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post #367 of 378 Old 11-25-2013, 01:50 PM
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Originally Posted by Speed Daemon View Post

Both components use IEC connectors, so I can change them easily. Whenever I find my box o' IEC cords, I'll probably find one of the beefier ones to use with the amp. I have some very nice ones that came with Sun computers that should be ideal for the task.

That's what I would do. Computers, for some odd reason, always seem to come with heavily insulated cords with ground. The only computers, that I've seen, that don't have those beefy cords are laptops. Doesn't make sense because most computers use 200W power supplies...

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post #368 of 378 Old 11-25-2013, 04:44 PM
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Originally Posted by kbeam418 View Post

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Originally Posted by Speed Daemon View Post

Both components use IEC connectors, so I can change them easily. Whenever I find my box o' IEC cords, I'll probably find one of the beefier ones to use with the amp. I have some very nice ones that came with Sun computers that should be ideal for the task.

That's what I would do. Computers, for some odd reason, always seem to come with heavily insulated cords with ground. The only computers, that I've seen, that don't have those beefy cords are laptops. Doesn't make sense because most computers use 200W power supplies...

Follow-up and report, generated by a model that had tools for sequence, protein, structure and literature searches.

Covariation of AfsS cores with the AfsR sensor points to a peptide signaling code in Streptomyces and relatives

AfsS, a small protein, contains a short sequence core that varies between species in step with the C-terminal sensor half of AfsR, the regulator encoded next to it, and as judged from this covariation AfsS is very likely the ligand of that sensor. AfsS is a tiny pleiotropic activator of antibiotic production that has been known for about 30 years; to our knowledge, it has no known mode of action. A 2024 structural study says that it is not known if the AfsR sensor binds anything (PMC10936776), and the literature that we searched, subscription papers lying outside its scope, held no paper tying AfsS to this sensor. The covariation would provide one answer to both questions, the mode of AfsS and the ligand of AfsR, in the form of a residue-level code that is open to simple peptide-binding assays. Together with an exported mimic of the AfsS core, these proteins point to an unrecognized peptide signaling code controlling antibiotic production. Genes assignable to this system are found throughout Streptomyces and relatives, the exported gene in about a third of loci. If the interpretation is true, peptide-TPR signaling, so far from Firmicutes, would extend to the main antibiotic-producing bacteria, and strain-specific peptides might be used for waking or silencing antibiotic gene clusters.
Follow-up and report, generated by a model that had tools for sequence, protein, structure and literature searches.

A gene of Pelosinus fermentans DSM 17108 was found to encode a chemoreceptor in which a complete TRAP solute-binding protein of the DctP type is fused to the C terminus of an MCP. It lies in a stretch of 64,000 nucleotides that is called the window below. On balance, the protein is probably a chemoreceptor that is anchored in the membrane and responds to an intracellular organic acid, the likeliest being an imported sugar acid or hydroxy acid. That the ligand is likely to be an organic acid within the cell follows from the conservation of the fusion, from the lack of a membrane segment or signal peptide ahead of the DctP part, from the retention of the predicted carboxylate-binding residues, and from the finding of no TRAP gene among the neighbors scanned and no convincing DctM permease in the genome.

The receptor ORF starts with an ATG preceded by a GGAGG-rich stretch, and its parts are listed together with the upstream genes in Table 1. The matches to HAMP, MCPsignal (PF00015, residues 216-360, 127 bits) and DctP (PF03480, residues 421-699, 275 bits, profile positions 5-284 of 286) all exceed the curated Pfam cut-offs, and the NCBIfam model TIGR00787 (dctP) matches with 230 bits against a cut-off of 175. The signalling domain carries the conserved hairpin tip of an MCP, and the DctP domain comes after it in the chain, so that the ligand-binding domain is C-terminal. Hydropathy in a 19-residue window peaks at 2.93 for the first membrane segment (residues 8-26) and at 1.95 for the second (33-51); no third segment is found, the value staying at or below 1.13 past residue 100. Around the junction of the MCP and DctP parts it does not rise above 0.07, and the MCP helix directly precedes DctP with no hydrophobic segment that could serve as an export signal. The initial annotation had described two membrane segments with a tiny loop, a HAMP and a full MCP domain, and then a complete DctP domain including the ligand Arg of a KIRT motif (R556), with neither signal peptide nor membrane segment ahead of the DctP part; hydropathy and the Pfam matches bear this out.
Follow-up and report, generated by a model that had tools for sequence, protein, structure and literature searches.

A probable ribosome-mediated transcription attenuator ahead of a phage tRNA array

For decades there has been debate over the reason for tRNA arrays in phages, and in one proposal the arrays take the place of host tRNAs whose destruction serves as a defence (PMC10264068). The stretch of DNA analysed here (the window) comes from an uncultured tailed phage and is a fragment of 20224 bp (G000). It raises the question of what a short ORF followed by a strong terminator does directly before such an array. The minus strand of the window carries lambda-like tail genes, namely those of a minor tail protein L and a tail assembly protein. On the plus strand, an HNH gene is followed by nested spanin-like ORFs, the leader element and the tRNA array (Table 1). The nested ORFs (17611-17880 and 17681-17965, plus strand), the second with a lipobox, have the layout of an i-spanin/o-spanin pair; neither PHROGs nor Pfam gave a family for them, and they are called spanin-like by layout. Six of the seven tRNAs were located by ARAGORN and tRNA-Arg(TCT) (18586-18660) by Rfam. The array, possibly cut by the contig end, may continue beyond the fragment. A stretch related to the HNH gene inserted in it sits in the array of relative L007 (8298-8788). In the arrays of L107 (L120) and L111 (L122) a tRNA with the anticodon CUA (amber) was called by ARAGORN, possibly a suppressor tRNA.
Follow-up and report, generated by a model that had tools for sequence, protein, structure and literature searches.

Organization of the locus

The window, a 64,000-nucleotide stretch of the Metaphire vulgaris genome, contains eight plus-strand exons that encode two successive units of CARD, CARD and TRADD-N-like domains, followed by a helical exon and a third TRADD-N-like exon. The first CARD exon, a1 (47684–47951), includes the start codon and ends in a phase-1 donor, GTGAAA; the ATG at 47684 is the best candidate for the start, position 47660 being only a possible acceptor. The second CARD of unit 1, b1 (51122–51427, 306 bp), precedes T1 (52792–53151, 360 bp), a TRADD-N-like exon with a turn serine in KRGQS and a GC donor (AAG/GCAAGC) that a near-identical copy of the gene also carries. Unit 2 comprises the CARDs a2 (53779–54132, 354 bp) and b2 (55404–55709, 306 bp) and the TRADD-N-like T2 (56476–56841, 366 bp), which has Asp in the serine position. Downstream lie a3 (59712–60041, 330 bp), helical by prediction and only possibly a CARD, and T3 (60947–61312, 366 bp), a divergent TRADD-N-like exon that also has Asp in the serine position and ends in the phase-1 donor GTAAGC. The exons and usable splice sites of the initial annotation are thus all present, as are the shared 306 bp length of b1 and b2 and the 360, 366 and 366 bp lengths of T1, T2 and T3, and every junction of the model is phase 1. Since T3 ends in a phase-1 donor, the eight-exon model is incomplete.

In some cases computer power cords are shielded, probably to reduce radiation from their switchmode power supplies.

I've built and repaired literally thousands of computers over the past 25 or so years and thus built up a big stash of IEC power cords. As part of the installation of a digital lighting system at church we ended up needing a lot of power cords stripped back on one end, 3 prong plug on the other. Voila, my big box of power cords and a pair of wire strippers and... Along the way I took note of the internal construction of the cords and a goodly fraction of them were shielded. I didn't notice how much thicker the shielded ones were as a rule, but some thick ones just had thicker plastic insulation.

My comments about crest factor and audio also relates to power amplifier power cords. On the test bench when they are grunting away makiig full power pure sine waves, a thick power cord will at least avoid heating up. In actual use with music the usual 16-18 guage power cord will no doubt do the job.
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post #369 of 378 Old 11-26-2013, 07:16 AM
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Originally Posted by arnyk View Post

In some cases computer power cords are shielded, probably to reduce radiation from their switchmode power supplies.